SOUTH PORTLAND — City Manager Scott Morelli was granted emergency powers by the City Council during an online public meeting Tuesday, giving him the authority “to protect life and property” during the coronavirus crisis.

He is now allowed to issue directives on his own, including, if necessary, restricting movement of people and vehicles in the city.

The coronavirus is forcing officials in South Portland, Cape Elizabeth and Scarborough to face several new realities this week, as all but Scarborough also declared local states of emergency.

South Portland Mayor Katherine Lewis declaring a state of emergency during a virtual city council meeting this week. Area communities have begun holding virtual public meetings due to the coronavirus crisis. Sean Murphy

The South Portland City Council has unanimously extended indefinitely a declaration of emergency signed by Mayor Katherine Lewis.

Morelli assured the public there was no need for any further regulations, and he would announce any new regulations to the media and on social media.

Councilor April Caricchio noted that during a crisis such as the one created by COVID-19, Morelli needs to be able to take fast action on the city’s behalf.

“(The council) can’t act very, very quickly,” she said. “It’s much wiser to have one point person.”

All three communities are also facing the reality that for municipal business to continue, everyone, from elected leaders to the general public, will have to get used to teleconferencing software for the foreseeable future.

Recent emergency legislation signed into law by Gov. Janet Mills has granted local officials permission to hold meetings online until the crisis has passed.

All seven South Portland city councilors, along with Morelli and City Clerk Emily Scully attended Tuesday’s meeting via teleconferencing software, while members of the public also dialed in. Some attendees had to connect by telephone.

Cape Elizabeth held a similar meeting Wednesday night. While the council did not vote to grant Town Manager Matthew Sturgis emergency powers, the council did vote 6-1 to enact a declaration of emergency, lasting until May 1. The declaration mirrored a similar order the city of Portland issued earlier this week. The local order, however, removed hotels from the list of essential businesses to remain open.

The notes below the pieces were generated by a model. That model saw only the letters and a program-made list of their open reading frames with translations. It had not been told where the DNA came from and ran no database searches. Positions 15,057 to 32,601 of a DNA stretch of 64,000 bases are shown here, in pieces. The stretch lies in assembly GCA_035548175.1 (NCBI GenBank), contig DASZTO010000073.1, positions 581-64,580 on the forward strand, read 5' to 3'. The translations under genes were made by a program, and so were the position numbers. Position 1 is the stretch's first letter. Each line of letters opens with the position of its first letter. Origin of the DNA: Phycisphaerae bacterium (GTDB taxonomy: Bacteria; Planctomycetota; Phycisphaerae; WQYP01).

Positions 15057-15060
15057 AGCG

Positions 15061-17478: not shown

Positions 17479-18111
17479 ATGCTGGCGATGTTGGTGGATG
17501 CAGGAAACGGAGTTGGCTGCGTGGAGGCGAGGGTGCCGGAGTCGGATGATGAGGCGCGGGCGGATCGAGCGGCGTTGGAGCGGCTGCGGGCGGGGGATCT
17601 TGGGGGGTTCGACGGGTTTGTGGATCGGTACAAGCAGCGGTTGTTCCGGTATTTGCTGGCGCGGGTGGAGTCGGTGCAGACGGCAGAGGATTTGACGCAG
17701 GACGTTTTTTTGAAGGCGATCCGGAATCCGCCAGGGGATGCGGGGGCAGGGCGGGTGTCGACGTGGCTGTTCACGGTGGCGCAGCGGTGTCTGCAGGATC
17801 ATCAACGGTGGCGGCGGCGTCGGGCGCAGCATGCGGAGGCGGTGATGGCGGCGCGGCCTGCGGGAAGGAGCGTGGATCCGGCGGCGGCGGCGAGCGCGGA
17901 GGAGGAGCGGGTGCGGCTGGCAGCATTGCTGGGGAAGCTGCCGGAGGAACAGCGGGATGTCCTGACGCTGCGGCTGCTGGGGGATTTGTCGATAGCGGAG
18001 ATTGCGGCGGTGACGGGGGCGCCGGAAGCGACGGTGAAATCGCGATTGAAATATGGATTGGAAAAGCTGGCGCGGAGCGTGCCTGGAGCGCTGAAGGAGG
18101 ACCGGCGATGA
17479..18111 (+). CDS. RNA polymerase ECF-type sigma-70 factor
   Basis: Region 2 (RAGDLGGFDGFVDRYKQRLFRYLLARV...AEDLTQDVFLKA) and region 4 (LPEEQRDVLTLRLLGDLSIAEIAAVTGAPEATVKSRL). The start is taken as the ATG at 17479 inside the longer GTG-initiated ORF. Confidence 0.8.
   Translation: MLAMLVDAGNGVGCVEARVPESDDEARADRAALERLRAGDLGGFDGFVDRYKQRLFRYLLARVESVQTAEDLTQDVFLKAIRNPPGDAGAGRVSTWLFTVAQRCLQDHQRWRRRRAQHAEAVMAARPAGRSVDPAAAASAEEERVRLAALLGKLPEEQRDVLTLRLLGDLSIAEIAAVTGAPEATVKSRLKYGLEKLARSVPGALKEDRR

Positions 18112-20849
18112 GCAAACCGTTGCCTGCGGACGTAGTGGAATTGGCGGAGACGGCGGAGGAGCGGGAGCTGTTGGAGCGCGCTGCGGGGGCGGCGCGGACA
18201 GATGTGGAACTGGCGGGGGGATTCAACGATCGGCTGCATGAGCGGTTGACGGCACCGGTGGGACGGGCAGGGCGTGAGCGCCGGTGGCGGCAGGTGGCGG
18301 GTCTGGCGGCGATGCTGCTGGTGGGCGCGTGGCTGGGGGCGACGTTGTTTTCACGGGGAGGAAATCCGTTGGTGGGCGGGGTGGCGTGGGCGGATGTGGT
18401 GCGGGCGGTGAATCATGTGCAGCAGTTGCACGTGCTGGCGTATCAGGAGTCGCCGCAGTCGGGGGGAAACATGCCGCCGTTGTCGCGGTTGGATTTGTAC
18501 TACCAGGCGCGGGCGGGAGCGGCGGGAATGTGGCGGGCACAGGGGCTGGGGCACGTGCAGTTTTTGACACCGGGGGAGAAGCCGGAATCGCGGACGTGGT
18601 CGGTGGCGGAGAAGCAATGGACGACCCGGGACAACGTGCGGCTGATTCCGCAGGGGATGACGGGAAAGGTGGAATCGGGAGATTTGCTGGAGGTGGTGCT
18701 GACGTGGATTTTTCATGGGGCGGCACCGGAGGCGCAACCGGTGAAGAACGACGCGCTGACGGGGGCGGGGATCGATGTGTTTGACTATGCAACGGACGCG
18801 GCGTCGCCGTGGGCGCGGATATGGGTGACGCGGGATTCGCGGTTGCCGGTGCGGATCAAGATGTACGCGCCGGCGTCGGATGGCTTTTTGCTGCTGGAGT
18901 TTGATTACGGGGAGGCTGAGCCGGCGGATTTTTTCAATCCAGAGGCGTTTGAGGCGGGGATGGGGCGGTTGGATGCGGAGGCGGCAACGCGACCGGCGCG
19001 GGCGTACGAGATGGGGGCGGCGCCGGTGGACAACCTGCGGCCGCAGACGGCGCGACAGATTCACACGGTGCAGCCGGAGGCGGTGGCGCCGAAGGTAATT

One bone of contention was whether to include a shelter-in-place order. Councilor James Garvin was particularly concerned about the term not being adequately defined.

“It’s a phrase we’re throwing around without a lot of specificity,” he said.

In the end, the council added the provision: “All residents of, temporary residents, and visitors to the town of Cape Elizabeth are strongly urged to remain in their residence or place of abode except to access COVID-19 essential good and services, exercise, and dog walking.”

The measure passed by a vote of 6-1, with Garvin in opposition.

In Scarborough, Town Manager Tom Hall said officials held a virtual finance committee meeting Tuesday afternoon as a test of the teleconferencing technology. The town will hold a town council meeting online April 15, and Hall said there may be a special town council meeting as early as next week. For now, he said, all meetings will likely be held similarly to how South Portland and Cape Elizabeth are operating, with agendas going out online with instructions to the public on how to attend.

“I think it’s going to be the new normal for the foreseeable future,” he said.

Special meetings, meaning those outside the regular meeting schedule, Hall said, will likely have an agenda limited to time-sensitive matters and other urgent business.

“It’s clearly our intent to get back to town business as far as meetings go, albeit virtually,” he said.

Sean Murphy — 780-9094

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